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[Request for Help] Windows Vista Problem : Repeated Calling of CryptAcquireContext()/CryptReleaseContext() Causes Corruption of Logged on User Key Container RRS feed

  • Question

  • Hello All,

    1. Background
    We have developed an application which creates hashes for some purpose. We created an API for this. Our API internally performs the following sequence of action :

    1.1. Calls CryptAcquireContext() to obtain a handle to a Crypto Service Provider. The 5th "flag" parameter is set to 0. 

    1.1.1 If the call fails and the failure is due to NTE_BAD_KEYSET (which we interpret to mean that the key container of the current logged on user does not exist), we create such a key container by calling CryptAcquireContext() again with flag CRYPT_NEWKEYSET.

    1.1.2 However, in this case, before we later call CryptReleaseContext(), we will delete the key container by calling CryptAcquireContext() again with flag CRYPT_DELETEKEYSET.

    1.2. We proceed to perform hashing via CryptCreateHash() with the handle to the Crypto Service Provider which we obtained in step(1.1). There is always no problem here.

    1.3. After the hashing operation, we proceed to call CryptReleaseContext().
    1.3.1 However, as mentioned earlier in step (1), if a new key set has been created earlier, we will delete this key set first by calling CryptAcquireContext() again with flag CRYPT_DELETEKEYSET.

    1.3.2 We then call CryptReleaseContext().

    2. The Problem
    2.1 The above sequence of action is wrapped up inside our API call which is used by our client.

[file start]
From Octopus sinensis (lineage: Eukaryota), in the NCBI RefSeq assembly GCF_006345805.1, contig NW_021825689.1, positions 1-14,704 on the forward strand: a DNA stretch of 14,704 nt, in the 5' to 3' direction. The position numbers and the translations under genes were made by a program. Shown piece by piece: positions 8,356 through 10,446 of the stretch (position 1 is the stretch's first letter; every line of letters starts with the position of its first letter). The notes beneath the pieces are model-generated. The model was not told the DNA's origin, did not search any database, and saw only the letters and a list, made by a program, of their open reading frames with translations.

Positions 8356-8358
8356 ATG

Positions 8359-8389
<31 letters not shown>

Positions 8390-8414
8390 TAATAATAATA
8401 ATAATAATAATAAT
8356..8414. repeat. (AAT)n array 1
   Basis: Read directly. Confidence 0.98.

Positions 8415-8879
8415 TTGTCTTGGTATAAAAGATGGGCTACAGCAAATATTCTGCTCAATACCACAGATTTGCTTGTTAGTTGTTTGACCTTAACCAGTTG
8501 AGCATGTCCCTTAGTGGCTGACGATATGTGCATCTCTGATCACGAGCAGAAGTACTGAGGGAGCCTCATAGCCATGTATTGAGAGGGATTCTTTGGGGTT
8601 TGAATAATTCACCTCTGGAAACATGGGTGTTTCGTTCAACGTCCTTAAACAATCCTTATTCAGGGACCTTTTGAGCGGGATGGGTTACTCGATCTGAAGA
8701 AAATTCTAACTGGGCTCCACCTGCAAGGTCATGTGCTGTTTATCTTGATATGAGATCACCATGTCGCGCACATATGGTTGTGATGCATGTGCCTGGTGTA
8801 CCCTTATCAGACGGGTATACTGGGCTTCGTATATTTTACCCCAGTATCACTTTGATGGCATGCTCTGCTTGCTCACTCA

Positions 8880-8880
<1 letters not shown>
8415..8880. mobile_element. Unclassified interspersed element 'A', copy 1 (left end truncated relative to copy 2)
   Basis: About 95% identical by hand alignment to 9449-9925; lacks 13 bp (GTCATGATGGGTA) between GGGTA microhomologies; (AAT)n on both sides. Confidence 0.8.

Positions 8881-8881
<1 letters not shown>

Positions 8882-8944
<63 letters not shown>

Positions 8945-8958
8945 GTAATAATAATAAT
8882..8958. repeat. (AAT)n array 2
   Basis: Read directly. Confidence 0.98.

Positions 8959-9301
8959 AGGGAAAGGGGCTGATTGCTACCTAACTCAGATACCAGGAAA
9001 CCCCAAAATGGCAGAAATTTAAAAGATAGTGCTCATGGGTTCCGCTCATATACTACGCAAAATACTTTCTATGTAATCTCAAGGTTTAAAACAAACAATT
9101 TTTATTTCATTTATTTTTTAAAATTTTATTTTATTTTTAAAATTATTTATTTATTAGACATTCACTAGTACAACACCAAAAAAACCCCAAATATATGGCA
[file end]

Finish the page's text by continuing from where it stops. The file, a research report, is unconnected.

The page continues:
2.2 Everything has gone well until recently when they reported to us that the API has failed. After investigating the issue, we discovered the following problem :

    2.2.1 The call to CryptAcquireContext() to obtain a handle to a Crypto Service Provider results in failure. The error was NTE_BAD_KEYSET. As part of the flow of our API, when we attempt to create such a key container by calling CryptAcquireContext() again with flag CRYPT_NEWKEYSET, this too failed.

    2.2.2 We thus deem that the key container of the current logged on user cannot be created at all. To the clients, our explanation is that the key container "has been corrupted".

    3. A Potential Solution
    3.1 We have recently tried a new approach by making the initial call to CryptAcquireContext() with flag CRYPT_VERIFYCONTEXT which we have read in MSDN to be useful because it is meant for applications that do not use public/private key pairs and that performs only hashing and symmetric encryption types of operations. 

    3.2 We have yet to receive any report from our clients.

    4. OS Platform
    4.1 So far, this problem has occurred only in Windows Vista. It has so far not occurred in Windows XP.

    5. Questions
    5.1 Our questions are :
    5.1.1 Has anyone experienced such a problem or anything similar ?

    5.1.2 Is this a known or reported problem in Windows Vista ?

    5.1.3 Will the use of the CRYPT_VERIFYCONTEXT flag help us  to avert key container corruption ? Please note that we suspect the problem is due to repeated calling of CryptAcquireContext()/CryptReleaseContext() many many times.

    5.1.4 I have suggested that we provide an initialization function which is called only once by the client and an uninitialization function that is called only once also by clients. However, this will take time to be approved.